The Association for Enterprise Opportunity (AEO), a nonprofit organization dedicated to empowering microbusinesses, today announced the release of its new report “The Tapestry of business Ownership in America: Untapped Opportunities for Success.” Funded by the W.K. Kellogg Foundation, the report set out to assess the economic strength and potential of -owned businesses, identify challenges and opportunities across a mosaic of segments, and launch a national discussion on how investors and policymakers can increase the effectiveness of programs designed to support entrepreneurship, keeping in mind that rich diversity.
“There is a myth that people aren’t motivated to start their own firms, and are pushed into business ownership mostly due to unemployment,” said AEO President and CEO Connie Evans. “Our findings show that in actuality, Americans have high entrepreneurial drive and the same motivations as other entrepreneurs, yet face three persistent barriers that operating together impede the establishment and growth of -owned firms. Understanding and addressing the unique interplay of these obstacles are crucial steps to unleashing the potential economic power of business ownership in America.”
The three barriers described in the report are a Wealth Gap, fewer assets and less disposable income to invest in business; a Credit Gap, decreased access to formal credit and high denial rates; and a Trust Gap, institutional bias that s have experienced, inhibiting them from actions such as applying to financial institutions for more capital, joining networks, creating valuable partnerships, and more. This environment of scarcity translates into fewer establishments reaching maturity, and for those that do survive, limited potential to grow and hire. In fact, most businesses say the current financing environment hampers their ability to hire new employees.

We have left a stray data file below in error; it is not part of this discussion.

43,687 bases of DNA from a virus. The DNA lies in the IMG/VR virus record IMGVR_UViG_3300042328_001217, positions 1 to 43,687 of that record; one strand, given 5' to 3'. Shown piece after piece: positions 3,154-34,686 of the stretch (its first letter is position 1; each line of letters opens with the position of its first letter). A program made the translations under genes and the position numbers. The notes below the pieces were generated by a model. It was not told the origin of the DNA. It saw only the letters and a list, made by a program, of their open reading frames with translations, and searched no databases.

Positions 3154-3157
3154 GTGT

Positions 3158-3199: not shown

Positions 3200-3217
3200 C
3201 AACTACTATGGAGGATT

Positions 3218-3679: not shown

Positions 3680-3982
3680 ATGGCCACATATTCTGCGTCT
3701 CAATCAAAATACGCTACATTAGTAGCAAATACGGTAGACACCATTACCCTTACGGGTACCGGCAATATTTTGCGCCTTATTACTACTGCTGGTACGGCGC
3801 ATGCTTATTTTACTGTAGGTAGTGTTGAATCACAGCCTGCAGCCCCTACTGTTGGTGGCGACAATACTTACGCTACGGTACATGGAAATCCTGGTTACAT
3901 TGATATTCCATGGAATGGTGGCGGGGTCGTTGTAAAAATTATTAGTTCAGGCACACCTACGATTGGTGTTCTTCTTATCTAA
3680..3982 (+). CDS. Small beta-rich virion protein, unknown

The report’s authors calculated that if -owned firms were able to reach employment parity with all privately-held U.S. firms, 600,000 new jobs could be created and $55 billion would be added to the U.S. economy. Since many -owned businesses are small businesses that serve and hire from their communities, reaching employment parity could also have the effect of reducing unemployment in the community down to 5 percent. In addition, a larger portion of money spent at Main Street businesses stays circulating in the local region versus money spent at big box stores, creating economic empowerment in areas that likely need it the most.
“We know that when parents are economically stable, their children are best positioned for success in school and life,” said Carla Thompson Payton, vice president for program strategy at the W.K. Kellogg Foundation. “This study will help us better understand what’s working and what’s not working for business owners so we can create pathways to entrepreneurship to create stability for their families and strengthen their communities.”